Close Up

11 December 2017: The Death of Maria Malibran

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Tickets: £10 / £8 conc. / £6 Close-Up members
Box Office: 02037847970

Despite being revered by filmmakers such as Werner Herzog and Rainer Werner Fassbinder, Werner Schroeter still remains a marginal figure in New German Cinema, often pushed aside under the label "obscure". His total rejection of plot, excessive stylization, and histrionic performances combined with the sexual ambiguity and operatic indulgences of his characters, make him particularly challenging to access. Yet, it for these reasons that make his films so ripe for exploring. His second feature, The Death of Maria Malibran, a series of operatic tableaux relating to the life and death of the 19th century singer, Schroeter considered his best work, and has been championed by luminaries such as Amos Vogel and Michel Foucault as a work of a complete originality.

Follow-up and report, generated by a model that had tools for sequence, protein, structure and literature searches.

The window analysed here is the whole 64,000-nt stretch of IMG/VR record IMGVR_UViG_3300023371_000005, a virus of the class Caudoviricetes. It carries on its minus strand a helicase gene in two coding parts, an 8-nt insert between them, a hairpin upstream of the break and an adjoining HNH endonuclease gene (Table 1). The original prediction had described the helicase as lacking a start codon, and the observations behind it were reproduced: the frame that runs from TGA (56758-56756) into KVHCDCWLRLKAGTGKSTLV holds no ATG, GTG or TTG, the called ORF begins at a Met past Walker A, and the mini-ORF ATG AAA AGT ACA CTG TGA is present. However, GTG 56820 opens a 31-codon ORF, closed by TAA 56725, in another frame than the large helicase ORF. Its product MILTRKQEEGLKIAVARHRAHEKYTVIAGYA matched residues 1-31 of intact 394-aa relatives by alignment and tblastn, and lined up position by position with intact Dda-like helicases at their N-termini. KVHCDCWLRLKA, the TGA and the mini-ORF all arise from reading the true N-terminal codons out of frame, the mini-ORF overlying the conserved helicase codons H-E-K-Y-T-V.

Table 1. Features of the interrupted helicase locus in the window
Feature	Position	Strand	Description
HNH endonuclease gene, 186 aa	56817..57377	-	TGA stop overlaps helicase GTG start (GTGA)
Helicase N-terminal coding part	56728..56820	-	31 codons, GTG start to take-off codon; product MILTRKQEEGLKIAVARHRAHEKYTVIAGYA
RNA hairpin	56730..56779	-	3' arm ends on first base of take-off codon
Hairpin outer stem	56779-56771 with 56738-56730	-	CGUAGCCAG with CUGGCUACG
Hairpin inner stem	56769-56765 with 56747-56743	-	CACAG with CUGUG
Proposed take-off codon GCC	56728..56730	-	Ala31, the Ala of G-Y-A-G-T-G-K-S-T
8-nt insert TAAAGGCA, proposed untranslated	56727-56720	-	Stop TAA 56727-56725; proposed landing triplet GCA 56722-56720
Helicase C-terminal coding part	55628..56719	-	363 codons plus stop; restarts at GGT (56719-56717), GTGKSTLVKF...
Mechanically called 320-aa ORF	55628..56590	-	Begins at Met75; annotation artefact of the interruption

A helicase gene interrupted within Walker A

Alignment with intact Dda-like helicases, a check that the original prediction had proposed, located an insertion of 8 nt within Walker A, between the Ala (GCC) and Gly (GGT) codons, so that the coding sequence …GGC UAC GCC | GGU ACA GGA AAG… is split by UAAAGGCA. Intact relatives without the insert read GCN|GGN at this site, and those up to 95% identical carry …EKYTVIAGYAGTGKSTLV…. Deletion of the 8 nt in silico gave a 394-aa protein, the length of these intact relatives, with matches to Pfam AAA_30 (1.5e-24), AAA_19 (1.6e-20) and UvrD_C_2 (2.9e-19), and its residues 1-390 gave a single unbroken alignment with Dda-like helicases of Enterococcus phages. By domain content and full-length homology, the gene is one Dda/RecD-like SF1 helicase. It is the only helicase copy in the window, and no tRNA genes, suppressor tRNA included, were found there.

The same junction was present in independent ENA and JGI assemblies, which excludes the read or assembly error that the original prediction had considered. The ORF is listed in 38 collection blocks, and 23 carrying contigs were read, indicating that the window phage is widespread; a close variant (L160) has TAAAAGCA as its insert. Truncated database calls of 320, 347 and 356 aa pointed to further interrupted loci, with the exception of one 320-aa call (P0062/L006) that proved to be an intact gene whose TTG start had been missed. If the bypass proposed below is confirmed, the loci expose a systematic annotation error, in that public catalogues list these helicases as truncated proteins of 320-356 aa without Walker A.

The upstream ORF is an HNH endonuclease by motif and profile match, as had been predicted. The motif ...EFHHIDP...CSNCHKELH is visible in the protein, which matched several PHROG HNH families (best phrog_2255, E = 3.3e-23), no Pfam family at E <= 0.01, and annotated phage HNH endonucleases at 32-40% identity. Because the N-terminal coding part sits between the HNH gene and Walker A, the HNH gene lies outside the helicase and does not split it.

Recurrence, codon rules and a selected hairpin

The Death of Maria Malibran
Werner Schroeter
1971 | 104 min | Colour | 16mm

Ecstatic, sublime, and endlessly strange Schroeters’ most celebrated film is series of tableaux depicting the life of the 19th century opera singer who supposedly died as a result of her overexertion on stage. Rich with literary and opera citations, exuding pure physicality, a mosaic of human expressions and gestures, juxtaposing operatic excess with kitschy pop music, scenes of pastiche Romanticism, and slapstick violence, the film remains a testament to the subversive potential of film as art.